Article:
Good pelvic mobility and control appears to trump static balancing ability when it comes to good riding, the findings of fresh research suggest.
During their equestrian education, riders learn to move and stabilize their pelvis to accommodate and influence their horse’s movements.
In general, the rider’s pelvis pitches in the opposite direction and rolls in the same direction as the rotation of the saddle.
Indeed, pelvic control is regarded as a key determinant in the sport of dressage.
Researchers Mette Uldahl, Janne Christensen and Hilary Clayton, writing in the journal Animals, note that, in terms of the horse-rider partnership, it is difficult to differentiate between the causes and effects of asymmetry in the horse versus the rider since the two interact so closely.
Riders, they said, need core stability to follow and guide the horse’s movements and avoid giving unintended or conflicting signals.
In their study, they evaluated the performance of riders undertaking exercises on a gymnastic ball, then related those findings to their on-horse performance.
Twenty experienced female riders were used, all with at least five years’ experience riding their own horses or ponies.
Each rider’s performance in the saddle was assessed based on analysis of a video recording of their efforts in a standardized dressage test which lasted five minutes and 20 seconds. The riders were subjectively scored on the quality and harmony of their riding by a professional physiotherapist who specializes in evaluating and training riders to improve their mounted performance, and in rehabilitating riders after injury.
Any conflict behaviors in the horses during each dressage test were also noted. Each horse’s heart rate was recorded during the dressage tests, and salivary levels of the stress hormone cortisol were measured after the test.
After the dressage phase, the riders dismounted and each horse was fitted with a saddle pressure mat. The rider then re-mounted and rode the horse in two 20-metre circles in a sitting trot on each rein.
Each rider’s standing weight distribution between the left and right legs was measured with two bathroom scales that had been calibrated with a validated industrial weight.
The rider’s balance and mobility were graded in tests on a gymnastic ball.
The riders were seated on the ball with their thighs horizontal and their calves vertical.
They were scored, based on later video analysis, on rolling their pelvis to the left and right; and rotating their pelvis left and right while keeping their legs and trunk as still as possible.
They were then asked to attempt to balance on the ball for 30 seconds after lifting their feet off the ground.
The study team found that the riders’ ability to roll the pelvis from side-to-side on the gymnastic ball was highly correlated with their ability to circle the pelvis on the ball (both indicative of pelvic mobility) and with quality and harmony during riding.
Pelvic roll and the quality of riding showed a trend toward a negative correlation with balancing skills on the ball. “It appears,” they wrote, “that the ability to actively move the pelvis is more relevant to equestrian performance than static balancing skill.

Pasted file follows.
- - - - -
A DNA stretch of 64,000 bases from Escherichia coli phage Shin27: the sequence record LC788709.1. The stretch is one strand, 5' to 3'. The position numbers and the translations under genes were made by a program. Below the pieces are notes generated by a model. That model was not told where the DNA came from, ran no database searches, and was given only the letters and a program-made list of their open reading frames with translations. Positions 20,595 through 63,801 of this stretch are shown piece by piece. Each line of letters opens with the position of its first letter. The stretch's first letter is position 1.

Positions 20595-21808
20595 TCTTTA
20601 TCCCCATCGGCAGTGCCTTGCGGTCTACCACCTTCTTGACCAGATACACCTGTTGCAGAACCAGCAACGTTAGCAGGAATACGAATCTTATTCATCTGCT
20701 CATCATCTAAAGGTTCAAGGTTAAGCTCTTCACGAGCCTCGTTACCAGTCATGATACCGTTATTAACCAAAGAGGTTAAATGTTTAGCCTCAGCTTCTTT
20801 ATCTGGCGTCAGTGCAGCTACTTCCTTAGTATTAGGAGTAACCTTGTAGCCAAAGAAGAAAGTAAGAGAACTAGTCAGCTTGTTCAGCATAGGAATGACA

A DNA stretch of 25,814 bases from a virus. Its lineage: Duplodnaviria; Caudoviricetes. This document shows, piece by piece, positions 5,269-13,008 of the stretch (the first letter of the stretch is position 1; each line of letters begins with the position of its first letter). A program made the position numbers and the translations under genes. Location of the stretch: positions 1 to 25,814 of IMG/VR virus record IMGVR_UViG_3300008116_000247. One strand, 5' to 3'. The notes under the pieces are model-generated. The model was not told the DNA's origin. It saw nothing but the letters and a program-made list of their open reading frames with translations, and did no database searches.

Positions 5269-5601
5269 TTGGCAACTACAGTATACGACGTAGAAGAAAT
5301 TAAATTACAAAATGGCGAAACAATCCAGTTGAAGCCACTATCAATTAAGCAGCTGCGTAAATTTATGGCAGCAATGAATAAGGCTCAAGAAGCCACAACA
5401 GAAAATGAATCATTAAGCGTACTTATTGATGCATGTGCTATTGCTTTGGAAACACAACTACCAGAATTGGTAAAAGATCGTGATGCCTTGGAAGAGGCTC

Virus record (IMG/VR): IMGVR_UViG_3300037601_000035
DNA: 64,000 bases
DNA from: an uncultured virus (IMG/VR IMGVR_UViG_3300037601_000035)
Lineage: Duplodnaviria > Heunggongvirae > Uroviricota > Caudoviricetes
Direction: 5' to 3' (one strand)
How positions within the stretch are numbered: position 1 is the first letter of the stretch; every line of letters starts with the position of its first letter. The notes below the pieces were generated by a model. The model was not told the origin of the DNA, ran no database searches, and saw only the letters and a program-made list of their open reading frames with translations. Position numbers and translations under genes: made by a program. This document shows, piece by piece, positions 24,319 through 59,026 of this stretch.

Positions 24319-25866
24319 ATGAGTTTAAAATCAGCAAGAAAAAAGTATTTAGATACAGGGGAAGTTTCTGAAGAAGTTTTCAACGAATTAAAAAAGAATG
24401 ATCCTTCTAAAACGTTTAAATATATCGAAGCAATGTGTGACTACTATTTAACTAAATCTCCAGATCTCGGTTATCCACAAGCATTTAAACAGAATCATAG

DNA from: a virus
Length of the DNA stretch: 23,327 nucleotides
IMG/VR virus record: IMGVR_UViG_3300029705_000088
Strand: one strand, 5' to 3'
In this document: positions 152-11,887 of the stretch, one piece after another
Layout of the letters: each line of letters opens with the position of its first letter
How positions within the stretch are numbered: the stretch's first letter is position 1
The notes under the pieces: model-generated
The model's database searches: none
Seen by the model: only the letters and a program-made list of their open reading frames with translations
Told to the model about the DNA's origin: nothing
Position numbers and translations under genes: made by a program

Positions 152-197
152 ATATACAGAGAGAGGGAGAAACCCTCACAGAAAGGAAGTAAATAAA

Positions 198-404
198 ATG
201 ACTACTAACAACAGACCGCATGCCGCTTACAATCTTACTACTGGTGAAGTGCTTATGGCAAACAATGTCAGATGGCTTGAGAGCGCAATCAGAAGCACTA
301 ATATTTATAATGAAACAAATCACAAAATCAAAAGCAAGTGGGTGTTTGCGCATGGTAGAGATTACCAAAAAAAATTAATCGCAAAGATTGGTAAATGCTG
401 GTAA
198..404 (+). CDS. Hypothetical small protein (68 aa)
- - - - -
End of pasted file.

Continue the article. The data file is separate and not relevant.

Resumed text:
“Horses ridden by riders with better pelvic mobility and control showed significantly fewer conflict behaviors,” the study team reported.
“On the contrary, high scores for balancing on the gymnastic ball were negatively correlated with the horses’ working heart rates, suggesting a less energetic performance.”
Horses worked with significantly higher heart rates in riders with a good rating for pelvic roll and showed a trend in the same direction in riders with a good rating for pelvic circling compared with those who scored poorly.
“The differences may indicate that riders with better pelvic control are in a better position to increase impulsion, engagement and collection, which require greater energy expenditure by the horse and hence a higher heart rate.”
During riding, horses showed fewer conflict behaviors but had higher heart rates when ridden by riders with good pelvic roll ability compared with those assessed as poor.
There was a similar trend for the rider’s pelvic circling ability.
“It appears that the ability to actively move the pelvis is more relevant to equestrian performance than static balancing skill,” they concluded.
Simple exercises on a gymnastic ball that emphasize the ability to move and control the pelvis may be useful to evaluate and potentially improve rider skills, they said.
Uldahl is with Vejle Hestepraksis, a horse consultancy service in Denmark; Christensen is with the Department of Animal Science at Aarhus University, also in Denmark; and Clayton is with the Department of Large Animal Clinical Sciences at Michigan State University.
Uldahl, M.; Christensen, J.W.; Clayton, H.M. Relationships between the Rider’s Pelvic Mobility and Balance on a Gymnastic Ball with Equestrian Skills and Effects on Horse Welfare. Animals 2021, 11, 453. https://doi.org/10.3390/ani11020453
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